“The market stability reserve combines the idea of adapting the market to deal with external shocks and the idea of postponing the re-introduction of the backloaded volume. Our analysis indicates that at least 400 million allowances would be moved from phase 3 to phase 4 of the EU ETS as a result. The transfer of allowances to the reserve would take place over several years and by 2030 we estimate that 700 million allowances would be held in the reserve,” according to Ferdinand.

“If this proposal is adopted it would significantly lift the carbon price, starting from the end of phase 3 and resulting in an average price of €35 between 2019 and 2030 as the market responds to the withdrawal of allowances. This is on average €12 higher than it would otherwise be, without the proposed reserve. According to our analysis, the reserve would continue to grow until 2025 when the accumulated oversupply in the EU ETS would reach the lower threshold in the proposed legislation. From 2026, 100 million allowances would be released from the reserve each year thus softening the price spikes towards 2030 and beyond”, explained Ferdinand.

Note to editors
• The Kyoto Protocol to the UN Framework Convention on Climate Change entered into force in February 2005. The Kyoto Protocol spurred the creation of the “flexible mechanisms” (CDM and JI) that were designed to incentivize emission abatement investments such as renewable energy in developing countries, and to allow western governments and companies to finance such projects in lieu of cutting their own emissions. The Kyoto Protocol also motivated the launch of the EU Emissions Trading Scheme (ETS) in 2005.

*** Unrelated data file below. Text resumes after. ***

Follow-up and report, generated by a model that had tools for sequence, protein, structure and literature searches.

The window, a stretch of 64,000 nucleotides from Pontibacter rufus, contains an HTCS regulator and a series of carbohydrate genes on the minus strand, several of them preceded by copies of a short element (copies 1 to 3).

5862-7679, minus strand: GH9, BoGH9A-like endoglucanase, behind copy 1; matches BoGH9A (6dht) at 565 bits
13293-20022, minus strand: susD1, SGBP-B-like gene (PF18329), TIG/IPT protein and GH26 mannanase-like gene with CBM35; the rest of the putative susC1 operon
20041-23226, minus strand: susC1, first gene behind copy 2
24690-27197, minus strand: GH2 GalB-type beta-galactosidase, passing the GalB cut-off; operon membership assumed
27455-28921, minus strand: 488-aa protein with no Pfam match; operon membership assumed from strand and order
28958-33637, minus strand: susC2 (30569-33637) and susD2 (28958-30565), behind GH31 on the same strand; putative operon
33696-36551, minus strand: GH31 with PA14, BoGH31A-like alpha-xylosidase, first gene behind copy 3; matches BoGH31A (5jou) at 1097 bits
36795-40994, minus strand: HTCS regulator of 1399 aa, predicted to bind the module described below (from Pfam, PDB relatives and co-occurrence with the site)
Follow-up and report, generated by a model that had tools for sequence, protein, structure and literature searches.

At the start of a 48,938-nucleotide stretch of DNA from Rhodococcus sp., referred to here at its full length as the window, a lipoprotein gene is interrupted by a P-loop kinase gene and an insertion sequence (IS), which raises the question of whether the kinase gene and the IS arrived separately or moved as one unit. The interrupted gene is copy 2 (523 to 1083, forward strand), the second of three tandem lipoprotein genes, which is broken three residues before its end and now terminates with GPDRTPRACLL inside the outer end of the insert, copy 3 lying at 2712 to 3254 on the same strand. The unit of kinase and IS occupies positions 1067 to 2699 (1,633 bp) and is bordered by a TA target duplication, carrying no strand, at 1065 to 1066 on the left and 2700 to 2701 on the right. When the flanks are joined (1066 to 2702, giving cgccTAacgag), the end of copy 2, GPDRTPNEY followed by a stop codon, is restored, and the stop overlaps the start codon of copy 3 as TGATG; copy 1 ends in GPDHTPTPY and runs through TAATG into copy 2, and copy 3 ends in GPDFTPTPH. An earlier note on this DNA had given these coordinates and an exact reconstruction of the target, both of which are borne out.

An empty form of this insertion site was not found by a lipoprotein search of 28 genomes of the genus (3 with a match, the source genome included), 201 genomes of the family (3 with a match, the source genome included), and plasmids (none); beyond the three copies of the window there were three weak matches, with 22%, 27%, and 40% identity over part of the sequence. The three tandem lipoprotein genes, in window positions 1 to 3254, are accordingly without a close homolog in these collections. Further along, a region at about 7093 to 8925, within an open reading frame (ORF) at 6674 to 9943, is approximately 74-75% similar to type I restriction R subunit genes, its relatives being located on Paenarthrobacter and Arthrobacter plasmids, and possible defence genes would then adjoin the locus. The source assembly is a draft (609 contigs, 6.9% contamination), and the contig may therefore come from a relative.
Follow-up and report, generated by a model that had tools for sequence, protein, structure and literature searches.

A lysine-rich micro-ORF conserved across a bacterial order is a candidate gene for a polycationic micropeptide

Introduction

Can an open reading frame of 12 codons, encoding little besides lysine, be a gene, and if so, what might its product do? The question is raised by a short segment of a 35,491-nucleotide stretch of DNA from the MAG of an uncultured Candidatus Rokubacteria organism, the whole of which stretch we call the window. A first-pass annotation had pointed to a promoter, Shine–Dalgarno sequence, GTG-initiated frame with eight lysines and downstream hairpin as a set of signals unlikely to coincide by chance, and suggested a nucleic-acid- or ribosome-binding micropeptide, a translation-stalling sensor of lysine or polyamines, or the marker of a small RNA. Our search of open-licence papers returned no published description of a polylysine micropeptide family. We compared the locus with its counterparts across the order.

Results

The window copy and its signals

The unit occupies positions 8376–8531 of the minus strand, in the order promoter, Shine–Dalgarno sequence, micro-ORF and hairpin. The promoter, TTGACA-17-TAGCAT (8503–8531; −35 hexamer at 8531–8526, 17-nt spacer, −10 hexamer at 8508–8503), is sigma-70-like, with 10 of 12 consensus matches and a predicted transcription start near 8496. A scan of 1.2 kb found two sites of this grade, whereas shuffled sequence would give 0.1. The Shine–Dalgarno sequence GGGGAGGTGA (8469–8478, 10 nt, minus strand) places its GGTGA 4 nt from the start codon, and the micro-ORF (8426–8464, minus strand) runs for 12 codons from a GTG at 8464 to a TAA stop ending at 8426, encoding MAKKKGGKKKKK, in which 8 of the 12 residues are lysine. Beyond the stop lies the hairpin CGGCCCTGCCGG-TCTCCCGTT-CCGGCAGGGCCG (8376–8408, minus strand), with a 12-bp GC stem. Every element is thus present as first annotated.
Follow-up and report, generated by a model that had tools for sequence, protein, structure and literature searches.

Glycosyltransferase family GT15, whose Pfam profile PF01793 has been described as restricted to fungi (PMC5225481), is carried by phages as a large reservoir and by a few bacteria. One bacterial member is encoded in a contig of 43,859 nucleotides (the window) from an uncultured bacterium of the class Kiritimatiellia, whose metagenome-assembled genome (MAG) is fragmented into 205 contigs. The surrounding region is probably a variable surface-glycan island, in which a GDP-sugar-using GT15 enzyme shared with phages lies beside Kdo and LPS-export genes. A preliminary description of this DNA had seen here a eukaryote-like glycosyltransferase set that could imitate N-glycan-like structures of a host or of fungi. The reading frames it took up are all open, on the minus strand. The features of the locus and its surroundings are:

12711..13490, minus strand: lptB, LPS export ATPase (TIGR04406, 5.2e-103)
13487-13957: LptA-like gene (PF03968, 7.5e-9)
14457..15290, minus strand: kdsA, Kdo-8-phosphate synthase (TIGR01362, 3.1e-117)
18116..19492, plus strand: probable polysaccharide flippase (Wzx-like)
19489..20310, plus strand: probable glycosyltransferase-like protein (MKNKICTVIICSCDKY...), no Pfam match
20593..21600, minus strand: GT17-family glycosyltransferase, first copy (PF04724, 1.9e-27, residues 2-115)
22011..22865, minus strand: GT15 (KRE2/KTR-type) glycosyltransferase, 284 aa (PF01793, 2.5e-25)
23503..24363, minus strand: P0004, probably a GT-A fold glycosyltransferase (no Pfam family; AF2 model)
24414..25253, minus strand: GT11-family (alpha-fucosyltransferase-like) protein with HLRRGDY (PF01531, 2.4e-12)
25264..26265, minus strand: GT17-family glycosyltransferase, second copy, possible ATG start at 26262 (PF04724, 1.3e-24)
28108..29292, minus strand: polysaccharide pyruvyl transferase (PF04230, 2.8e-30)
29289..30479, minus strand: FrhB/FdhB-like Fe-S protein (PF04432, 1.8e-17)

• The world’s most important international emissions trading scheme, the EU ETS works on a cap-and-trade basis, where the total volume of permitted emissions (the “cap”) is set at the start of a trading period. EU Allowances (EUAs) are the tradable units under the EU ETS, each representing a permit to emit one metric tonne of carbon dioxide equivalent (CO2e). Up to a certain limit, companies regulated by the EU ETS are also allowed to use carbon credits from third countries (CERs and ERUs) instead of EUAs.
• The second phase of the EU ETS ran from 2008-12, the third phase runs from 2013-20 while phase 4 is scheduled to run from 2021-28.
• Backloading is the temporarily withholding of emission allowances that were originally due to come to market between 2014-2016.The European Commission has proposed this as a short-term solution to the oversupply in the market. Whether it lies within the Commission’s prerogative to effectuate such an intervention was discussed in the European institutions throughout 2013, before it was finally confirmed in December. It is now expected to be implemented before the summer 2014.

To see a copy of the report, arrange an interview with the analyst, or if you have any questions, please contact:

Candida Jones
PR Manager, Thomson Reuters Point Carbon
Mob: +44 (0) 777 5754 763
E-mail: candida.jones@thomsonreuters.com

Jake Hemingway
PR Specialist, Thomson Reuters Point Carbon
Phone: +44 (0) 7542 5204
E-mail: jake.hemingway@thomsonreuters.com

Marcus Ferdinand
Head of EU carbon analysis, Thomson Reuters Point Carbon
Mob: +47 908 12 506
E-mail: marcus.ferdinand@thomsonreuters.com

Hæge Fjellheim
Senior Analyst, Thomson Reuters Point Carbon
Mobile: + 47934 19 427
Email: hege.fjellheim@thomsonreuters.com